Tzipi Livni 370.
(photo credit: Courtesy The Tzipi Livni Party)
Likud, Labor, Meretz, Bayit Yehudi, and Balad are the most democratic parties in
Israel and the Tzipi Livni Party is among the least democratic, according to a
study published Sunday by Professor Gideon Rahat, research director of the
Israel Democracy Institute’s political reform project.
the Party Democracy Index, a mechanism that allows voters to evaluate the degree
of internal democracy in the parties. The index assessed each party’s
inclusiveness, representation, competition, accountability, and
The study evaluated to what extent parties involve their
members in choosing their leader, Knesset candidates, and platform. Rahat
checked each party’s participation of women, reserved slots for sectors, the
involvements of its institutions in decision-making, and how easy it is to
obtain the party’s bylaws, history, and details about contributors.
IDI found that there is no connection between the size of the party and the
level of its internal democracy, and parties that exhibit robust internal
democratic processes exist across the political spectrum. IDI president
Arye Carmon said citizens should take into account the party’s level of internal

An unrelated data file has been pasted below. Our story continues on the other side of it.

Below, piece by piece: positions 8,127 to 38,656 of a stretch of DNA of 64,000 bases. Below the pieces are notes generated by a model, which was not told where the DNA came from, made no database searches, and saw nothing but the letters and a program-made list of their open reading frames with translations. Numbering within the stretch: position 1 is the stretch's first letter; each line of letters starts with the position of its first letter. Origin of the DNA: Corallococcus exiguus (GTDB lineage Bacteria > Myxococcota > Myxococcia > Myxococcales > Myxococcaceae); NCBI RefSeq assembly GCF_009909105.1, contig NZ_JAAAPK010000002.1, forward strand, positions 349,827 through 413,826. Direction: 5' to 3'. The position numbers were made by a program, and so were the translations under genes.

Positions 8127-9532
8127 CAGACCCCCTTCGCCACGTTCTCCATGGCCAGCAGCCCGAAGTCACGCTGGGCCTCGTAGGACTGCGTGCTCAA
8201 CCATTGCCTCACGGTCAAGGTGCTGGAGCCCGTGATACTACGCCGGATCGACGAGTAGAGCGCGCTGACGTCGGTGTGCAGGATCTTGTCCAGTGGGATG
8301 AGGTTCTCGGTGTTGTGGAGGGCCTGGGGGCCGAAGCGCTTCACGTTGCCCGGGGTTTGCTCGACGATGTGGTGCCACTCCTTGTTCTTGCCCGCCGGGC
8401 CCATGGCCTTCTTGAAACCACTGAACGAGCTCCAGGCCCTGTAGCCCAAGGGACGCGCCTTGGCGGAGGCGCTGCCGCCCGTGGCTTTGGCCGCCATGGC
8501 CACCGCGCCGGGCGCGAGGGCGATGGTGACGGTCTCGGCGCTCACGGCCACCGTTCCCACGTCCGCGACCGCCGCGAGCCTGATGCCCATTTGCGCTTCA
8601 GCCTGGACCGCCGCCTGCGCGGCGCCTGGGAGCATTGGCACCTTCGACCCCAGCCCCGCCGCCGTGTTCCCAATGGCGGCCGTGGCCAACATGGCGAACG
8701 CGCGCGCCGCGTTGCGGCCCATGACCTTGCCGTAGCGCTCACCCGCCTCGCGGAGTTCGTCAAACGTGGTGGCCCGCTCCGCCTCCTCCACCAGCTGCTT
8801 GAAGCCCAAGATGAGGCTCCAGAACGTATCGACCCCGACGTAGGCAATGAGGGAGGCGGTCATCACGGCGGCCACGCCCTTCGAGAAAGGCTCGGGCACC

democracy when deciding for whom to vote.
“Today, the electorate votes
based on who is in the party and not what the party stands for,” Carmon
Besides the Tzipi Livni Party, the parties that fared poorly in the
study included both the Degel Hatorah and Agudat Yisrael factions of United
Torah Judaism, Am Shalem and the United Arab List. Kadima, Shas, and Israel
Beytenu also scored better than Livni’s Party.
MK Meir Sheetrit, who is
fifth on the Livni list, mocked the findings of the study, calling them not
smart. He said a new party could not be expected to already have members,
institutions, and primaries.
“You can’t compare old and new parties,”
Sheetrit said. “It’s like comparing cucumbers and watermelons.”
responded that there were criteria in the study that favored both new and old
He said Sheetrit should not be surprised that a party founded
because its leader lost a primary in another party was not at the top of such a
“I understand why he is upset,” Rahat said. “But we were fair with
the same criteria for all the parties. We did it systematically.”
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